What can we learn from books that end in mid-sentence? Perhaps that periods, question marks, and exclamation marks ought to get down off their high horse.
By books that end in mid-sentence we mean of course only those that deliberately end thus, excluding those abrupt endings due to authorial demise like “The Last Tycoon” or historical corruption like the “Satyricon” or because the author got caught in a time loop and is re-living the same day for all eternity like Italo Calvino.
A book that ends in mid-sentence defies the “squares.” In certain cultures they have been worshipped as relics of the Godhead. Legend has it a copy of Plato’s “Critias” was once used to prop up a wobbling table leg in Bertrand Russell’s kitchen (the Penguin paperback is now on display at the British Museum).
Some books end in mid-sentence because the narrative is circular. For example, in “Finnegans Wake” by James Joyce a man plans a surprise party for a friend, only to discover he is himself the friend he is throwing the party for, and also that he is lactose intolerant. In Samuel Delany’s “Dhalgren,” a failed haberdasher is afflicted with alopecia, then travels back in time to murder his father before his own birth. It’s way intense.
In “The Iron Heel” by Jack London the mid-sentence ending indicates the death of the protagonist, killed while attempting a stunt on a “Jackass”-style reality television program. In “The Portage to San Cristobal of A.H.” by George Steiner the sudden end represents language blasted into silence by unspeakable ontological horrors. That sensation was later adapted for television as the popular series “Dancing With the Stars.”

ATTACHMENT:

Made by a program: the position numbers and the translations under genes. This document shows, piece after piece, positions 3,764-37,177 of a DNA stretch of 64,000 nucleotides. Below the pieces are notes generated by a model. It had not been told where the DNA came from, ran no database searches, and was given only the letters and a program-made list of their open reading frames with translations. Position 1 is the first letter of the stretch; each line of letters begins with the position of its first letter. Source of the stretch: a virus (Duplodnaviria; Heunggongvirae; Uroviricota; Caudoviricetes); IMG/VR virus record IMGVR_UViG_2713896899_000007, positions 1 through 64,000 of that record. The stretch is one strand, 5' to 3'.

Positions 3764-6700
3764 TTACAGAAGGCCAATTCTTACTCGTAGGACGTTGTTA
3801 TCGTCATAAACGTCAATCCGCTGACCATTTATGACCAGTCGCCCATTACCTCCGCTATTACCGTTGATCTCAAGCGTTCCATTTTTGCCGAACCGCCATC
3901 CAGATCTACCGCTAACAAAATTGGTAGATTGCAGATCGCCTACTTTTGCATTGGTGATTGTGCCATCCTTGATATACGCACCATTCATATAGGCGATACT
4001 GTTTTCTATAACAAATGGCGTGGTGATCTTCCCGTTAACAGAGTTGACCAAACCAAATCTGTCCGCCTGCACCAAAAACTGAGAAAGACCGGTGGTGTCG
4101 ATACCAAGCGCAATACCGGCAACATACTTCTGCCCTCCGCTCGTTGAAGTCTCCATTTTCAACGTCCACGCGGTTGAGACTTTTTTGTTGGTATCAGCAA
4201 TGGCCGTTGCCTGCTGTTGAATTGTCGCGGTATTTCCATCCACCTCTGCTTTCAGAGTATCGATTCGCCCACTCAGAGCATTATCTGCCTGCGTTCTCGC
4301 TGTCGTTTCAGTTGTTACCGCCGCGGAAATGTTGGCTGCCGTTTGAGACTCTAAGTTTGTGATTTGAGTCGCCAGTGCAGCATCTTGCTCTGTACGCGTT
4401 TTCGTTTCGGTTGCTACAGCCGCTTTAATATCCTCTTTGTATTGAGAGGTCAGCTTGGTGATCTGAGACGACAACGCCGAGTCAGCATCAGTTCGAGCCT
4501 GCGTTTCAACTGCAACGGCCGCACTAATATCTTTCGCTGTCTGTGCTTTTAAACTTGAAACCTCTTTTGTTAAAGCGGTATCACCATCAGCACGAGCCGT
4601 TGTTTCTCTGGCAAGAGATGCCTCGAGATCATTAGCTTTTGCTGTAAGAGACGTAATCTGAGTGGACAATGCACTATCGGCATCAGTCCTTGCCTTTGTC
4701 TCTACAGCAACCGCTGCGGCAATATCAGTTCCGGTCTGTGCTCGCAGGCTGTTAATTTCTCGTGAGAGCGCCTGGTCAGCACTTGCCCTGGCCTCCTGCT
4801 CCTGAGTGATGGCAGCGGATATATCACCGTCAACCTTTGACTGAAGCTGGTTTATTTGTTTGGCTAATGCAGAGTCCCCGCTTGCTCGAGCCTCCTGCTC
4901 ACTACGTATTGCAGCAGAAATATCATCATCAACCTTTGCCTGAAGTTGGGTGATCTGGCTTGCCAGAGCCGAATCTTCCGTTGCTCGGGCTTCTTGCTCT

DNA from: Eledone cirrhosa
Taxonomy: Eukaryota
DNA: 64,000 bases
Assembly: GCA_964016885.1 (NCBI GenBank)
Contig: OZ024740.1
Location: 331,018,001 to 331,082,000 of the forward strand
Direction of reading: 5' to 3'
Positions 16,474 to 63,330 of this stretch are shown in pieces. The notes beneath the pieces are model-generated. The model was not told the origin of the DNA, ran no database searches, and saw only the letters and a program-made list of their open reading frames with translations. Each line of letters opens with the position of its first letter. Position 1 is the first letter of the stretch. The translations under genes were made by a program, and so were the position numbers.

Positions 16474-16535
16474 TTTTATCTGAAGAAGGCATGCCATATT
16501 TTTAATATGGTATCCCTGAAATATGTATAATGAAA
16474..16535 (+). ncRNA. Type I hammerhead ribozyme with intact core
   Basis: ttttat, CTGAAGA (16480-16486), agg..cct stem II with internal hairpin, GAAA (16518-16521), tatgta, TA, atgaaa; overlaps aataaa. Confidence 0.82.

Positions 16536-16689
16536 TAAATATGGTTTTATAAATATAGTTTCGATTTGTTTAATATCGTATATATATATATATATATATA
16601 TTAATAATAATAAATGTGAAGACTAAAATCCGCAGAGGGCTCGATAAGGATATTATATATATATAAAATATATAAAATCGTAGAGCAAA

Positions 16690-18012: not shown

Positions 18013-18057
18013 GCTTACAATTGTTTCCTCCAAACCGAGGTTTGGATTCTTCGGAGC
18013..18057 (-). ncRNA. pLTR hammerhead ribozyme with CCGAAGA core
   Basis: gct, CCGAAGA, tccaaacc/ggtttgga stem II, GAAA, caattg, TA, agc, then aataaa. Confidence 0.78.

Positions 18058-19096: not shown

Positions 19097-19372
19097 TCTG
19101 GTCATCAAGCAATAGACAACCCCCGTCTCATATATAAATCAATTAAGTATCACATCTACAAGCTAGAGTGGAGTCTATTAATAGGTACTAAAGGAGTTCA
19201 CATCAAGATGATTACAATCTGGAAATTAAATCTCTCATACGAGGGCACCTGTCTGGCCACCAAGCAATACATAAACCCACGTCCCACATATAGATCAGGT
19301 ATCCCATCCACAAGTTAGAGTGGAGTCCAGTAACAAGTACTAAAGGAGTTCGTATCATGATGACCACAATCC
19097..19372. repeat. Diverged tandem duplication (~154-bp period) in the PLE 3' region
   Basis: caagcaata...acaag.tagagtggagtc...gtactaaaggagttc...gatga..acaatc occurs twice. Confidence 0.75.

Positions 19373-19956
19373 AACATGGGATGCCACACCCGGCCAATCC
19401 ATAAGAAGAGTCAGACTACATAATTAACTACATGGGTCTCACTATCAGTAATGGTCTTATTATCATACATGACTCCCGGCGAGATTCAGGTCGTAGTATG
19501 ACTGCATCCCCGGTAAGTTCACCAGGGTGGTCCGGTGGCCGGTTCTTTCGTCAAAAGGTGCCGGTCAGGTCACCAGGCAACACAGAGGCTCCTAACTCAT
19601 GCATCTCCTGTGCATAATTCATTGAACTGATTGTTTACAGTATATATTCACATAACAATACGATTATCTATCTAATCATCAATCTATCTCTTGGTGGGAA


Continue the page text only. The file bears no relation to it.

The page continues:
Books that end in mid-sentence have made many contributions to society. Here are just a few of the things they have given us, without which our lives would be immeasurably poorer: the cocktail umbrella, HP Sauce, Betamax, corneal pachymetry, the tube top, phrenology, and the phrase “trouble in paradise.” Imagine how different the world would be without them!
Truly, books that end in mid-sentence have much to teac
Next Ish: “Dead Souls” by Nikolai Vasilievich Gogol, “Eaters of the Dead” by Michael Crichton, and “Tintin and Alph-Art” by Hergé. Their shocking secrets will be revealed. . . or else!